Unlike the orthodox panel show set-up that he likens to a “roll of the dice”, his show Juplicity is anything but conventional in format, as I discovered when I recently saw it. If you’re looking to tune out to a standard routine about people’s hometowns and traffic jams, then this isn’t for you. As we took our seats at the Newbury Corn Exchange, Phill was already installed, his back to the audience with a record player at his feet playing ‘Don’t Ask Me’by Ian Dury and the Blockheads.

The gig starts with a vinyl scratch and up to the microphone walks Porky the Poet, the support act for the second half of stand-up from Phill Jupitus. “Porky invented Phill Jupitus and writing the poetry feeds the stand-up – I thought that would stop and they’d become two separate entities and it’s not the case. Most of my really good stand-up bits still come out of me chatting between poems.” In Newbury the poetry functioned like a comedic motorway and Porky would frequently take exits and off-ramps.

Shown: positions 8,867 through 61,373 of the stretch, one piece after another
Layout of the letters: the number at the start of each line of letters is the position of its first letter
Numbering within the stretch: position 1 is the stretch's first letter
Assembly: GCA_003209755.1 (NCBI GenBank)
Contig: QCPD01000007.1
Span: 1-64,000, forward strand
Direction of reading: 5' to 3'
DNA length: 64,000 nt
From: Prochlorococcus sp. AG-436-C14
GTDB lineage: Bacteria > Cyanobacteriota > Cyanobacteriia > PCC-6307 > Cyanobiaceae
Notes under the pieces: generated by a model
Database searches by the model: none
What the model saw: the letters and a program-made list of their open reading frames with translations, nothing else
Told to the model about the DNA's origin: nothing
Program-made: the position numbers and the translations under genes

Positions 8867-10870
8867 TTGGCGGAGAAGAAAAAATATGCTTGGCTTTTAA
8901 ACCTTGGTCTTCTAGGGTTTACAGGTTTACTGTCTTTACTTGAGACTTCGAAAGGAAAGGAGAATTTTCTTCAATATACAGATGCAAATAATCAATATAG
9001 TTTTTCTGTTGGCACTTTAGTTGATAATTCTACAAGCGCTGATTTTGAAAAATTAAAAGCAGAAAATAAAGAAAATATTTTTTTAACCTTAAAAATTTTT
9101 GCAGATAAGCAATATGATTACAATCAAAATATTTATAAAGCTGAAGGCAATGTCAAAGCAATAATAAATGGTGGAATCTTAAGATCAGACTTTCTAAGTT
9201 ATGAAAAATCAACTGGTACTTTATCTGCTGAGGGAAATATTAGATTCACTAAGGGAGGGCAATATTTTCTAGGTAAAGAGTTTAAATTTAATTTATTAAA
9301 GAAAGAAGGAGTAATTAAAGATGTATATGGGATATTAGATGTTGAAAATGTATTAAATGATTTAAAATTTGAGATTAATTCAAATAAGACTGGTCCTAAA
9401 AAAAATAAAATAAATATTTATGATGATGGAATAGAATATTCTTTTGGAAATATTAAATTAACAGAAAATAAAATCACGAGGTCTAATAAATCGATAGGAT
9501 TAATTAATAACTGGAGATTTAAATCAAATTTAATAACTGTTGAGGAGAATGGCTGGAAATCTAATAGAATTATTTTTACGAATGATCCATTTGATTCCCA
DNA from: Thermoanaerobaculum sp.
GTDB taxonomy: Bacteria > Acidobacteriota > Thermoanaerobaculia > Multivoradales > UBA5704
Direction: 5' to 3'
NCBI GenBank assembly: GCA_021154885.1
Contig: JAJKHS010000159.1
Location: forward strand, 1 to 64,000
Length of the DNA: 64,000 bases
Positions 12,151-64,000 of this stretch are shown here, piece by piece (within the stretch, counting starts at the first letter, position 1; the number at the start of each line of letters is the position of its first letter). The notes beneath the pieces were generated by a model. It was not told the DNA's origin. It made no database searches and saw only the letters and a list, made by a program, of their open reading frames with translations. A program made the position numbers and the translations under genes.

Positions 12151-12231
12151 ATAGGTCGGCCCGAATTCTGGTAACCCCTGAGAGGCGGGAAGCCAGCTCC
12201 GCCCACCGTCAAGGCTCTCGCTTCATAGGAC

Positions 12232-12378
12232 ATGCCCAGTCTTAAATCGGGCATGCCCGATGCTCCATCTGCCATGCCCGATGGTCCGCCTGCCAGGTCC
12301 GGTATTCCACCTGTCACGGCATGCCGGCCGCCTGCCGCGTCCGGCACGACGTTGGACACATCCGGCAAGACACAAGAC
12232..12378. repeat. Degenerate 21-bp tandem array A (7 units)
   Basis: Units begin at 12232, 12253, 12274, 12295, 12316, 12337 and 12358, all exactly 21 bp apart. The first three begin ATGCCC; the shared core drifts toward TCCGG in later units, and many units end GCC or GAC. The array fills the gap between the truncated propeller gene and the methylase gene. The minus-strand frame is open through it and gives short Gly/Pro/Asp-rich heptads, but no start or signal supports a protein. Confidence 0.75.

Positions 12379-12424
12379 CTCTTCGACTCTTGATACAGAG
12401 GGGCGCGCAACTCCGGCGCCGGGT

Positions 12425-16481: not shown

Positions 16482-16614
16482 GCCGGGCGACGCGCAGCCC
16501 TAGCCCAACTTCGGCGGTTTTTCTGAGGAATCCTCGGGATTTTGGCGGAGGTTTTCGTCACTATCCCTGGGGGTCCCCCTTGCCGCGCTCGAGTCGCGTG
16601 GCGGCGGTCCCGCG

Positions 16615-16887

A poetry set is also rewardingly flexible – “I can go wherever I want with it. Weirdly there’s more scope for me to be selfish in poetry. Also I get to talk to the audience about poetry which I don’t think happens a lot.” I wonder why poetry gets such a bad rep. “I think it’s school isn’t it?” he surmises. “It’s in English lessons and it’s the worst bit. Also poetry is the first time where an adult says ‘right, Toby, read this one for the class’ and you’re reading out words you don’t understand in a rhythm and it’s the first time you feel embarrassed.”